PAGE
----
The Youth Ambassador
Hello! My name is Malaya (rhymes with papaya), and I am 13 years old. I love shooting a bow and arrow, reading books, and using advanced vocabulary in everyday conversation. I love anything vintage (especially my Smith-Corona typewriter), and I also enjoy hanging out with my friends. Oh, and I almost forgot to mention- I am also the Youth Ambassador to the Eastern European Chamber of Commerce as well as the Youth Ambassador for a Diplomatic Mission to Albania.
The reason I first got involved with this project of improving education in Albania, is because my parents bribed me with the knowledge that I would embark on a journey to Europe. At first I thought, “Yay! Vacation!” but then I found out I actually needed to do something productive on the trip, instead of just eating a bunch Gurabija pjeshkë (Albanian butter cookies that look like peaches, yummy!!). I honestly had no idea what exactly I should be doing in Albania, so I decided to Google it. Finally, after several hours of research and a large bag of Doritos, I was shocked to discover that the education system in Albania was in very bad shape. And as I ate my last Cool Ranch chip, I realized…I absolutely had to do something to help out.
The Diplomatic Mission
For some students in the United States, going to school every day feels like a chore, while for others, like many students in Albania, going to school is a privilege. According to The NY Times, the U.S. government spent around $107.6 billion on education in 2012. The Albanian government only spends 3% of its entire budget on education, which is only $3.75 billion. That is the lowest amount a country spends on education in the Southeastern European region. This has a huge impact on what Albanian schools can provide for their students.
Because Albanian schools are so underfunded, they cannot provide basic school supplies like textbooks, paper and pencils for their students. And because a lot of students in rural areas cannot afford to buy these supplies themselves, they simply don’t have the same opportunity to learn as other students.
Are you aware that over 50% of Albanian families live on less than $4.00 USD a day? I wouldn’t even be able to get a Happy Meal with that amount of money, let alone books, pencils, paper or back packs. It is not surprising that many Albanian kids end up dropping out of school so they can work to provide for their families. In 2008, 20% of girls and 30% of boys dropped out of school and went to work, before the legal working age.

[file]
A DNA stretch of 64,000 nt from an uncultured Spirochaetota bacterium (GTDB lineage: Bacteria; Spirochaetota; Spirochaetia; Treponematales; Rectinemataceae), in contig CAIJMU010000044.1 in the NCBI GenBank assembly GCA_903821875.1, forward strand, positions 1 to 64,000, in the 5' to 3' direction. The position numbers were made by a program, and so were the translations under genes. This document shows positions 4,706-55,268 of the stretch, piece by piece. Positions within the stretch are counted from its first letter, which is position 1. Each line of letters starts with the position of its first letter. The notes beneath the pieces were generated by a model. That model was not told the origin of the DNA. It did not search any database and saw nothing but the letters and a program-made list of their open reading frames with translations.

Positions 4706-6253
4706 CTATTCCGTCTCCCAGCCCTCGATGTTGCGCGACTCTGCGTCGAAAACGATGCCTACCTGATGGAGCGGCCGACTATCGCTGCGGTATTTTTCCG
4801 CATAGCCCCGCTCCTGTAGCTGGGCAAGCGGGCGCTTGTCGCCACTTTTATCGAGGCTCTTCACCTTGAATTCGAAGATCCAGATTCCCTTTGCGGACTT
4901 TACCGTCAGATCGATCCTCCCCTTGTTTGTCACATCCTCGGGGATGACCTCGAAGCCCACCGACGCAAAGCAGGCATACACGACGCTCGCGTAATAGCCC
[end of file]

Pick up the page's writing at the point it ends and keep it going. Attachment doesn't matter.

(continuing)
The Story of Jonuz
In the small town of Shushica, Albania, a little boy named Jonuz enrolled in school, just like everyone else. Except, that he was unable to afford the same supplies as the other students. He said, “I started to feel unequal and undesirable when I looked at my friends’ school bags…This was causing me to feel like I was not competent enough to be a normal student.”
Jonuz was thinking about dropping out of school, until some charities stepped in to buy him and twenty-two other students in his town the school supplies they couldn’t afford. Now all these students have the supplies they need to get an education, and stay in school.
This is what I want to do. This is how I want to make a difference for my generation. I want to provide school supplies, like: pencils, pens, paper, back packs, art supplies and books to as many Albanian students as I can. It may not seem like a big deal to you, but to these kids, it makes all the difference in the world.
What you can do to help:
I believe that the number one thing you can do to support these kids, is to raise awareness for this serious issue. Talk about this with your friends and family. Share your ideas about this on Facebook and Twitter. Share my blog. Get the word out!!
Of course, we also need donations and could really use your help in that area too. Every little bit counts! If you are in the store shopping for Back to School supplies, consider buying an extra box of pencils, or an extra pack of paper to donate to the kids in Albania. If you are grocery shopping and see a special sale on colored pencils, pens, or notebooks, consider buying a couple to donate.
I will be working with my Girl Scout Troop over the next few months to organize the collection of donated supplies and books. If you have supplies you would like to donate, please contact me at firstname.lastname@example.org, or at my twitter handle (@malaya_medrano), and we can arrange a pick up. If your business would like to establish a collection bin in their office, please let me know. I will immediately dispatch a team of Girl Scouts to set-up a bin in your office.
I want to thank you all for reading this post and for maybe even helping me with my adventure in foreign education. I know you are all important business men and women with busy schedules, so I appreciate you taking the time out of your day to listen to my ideas.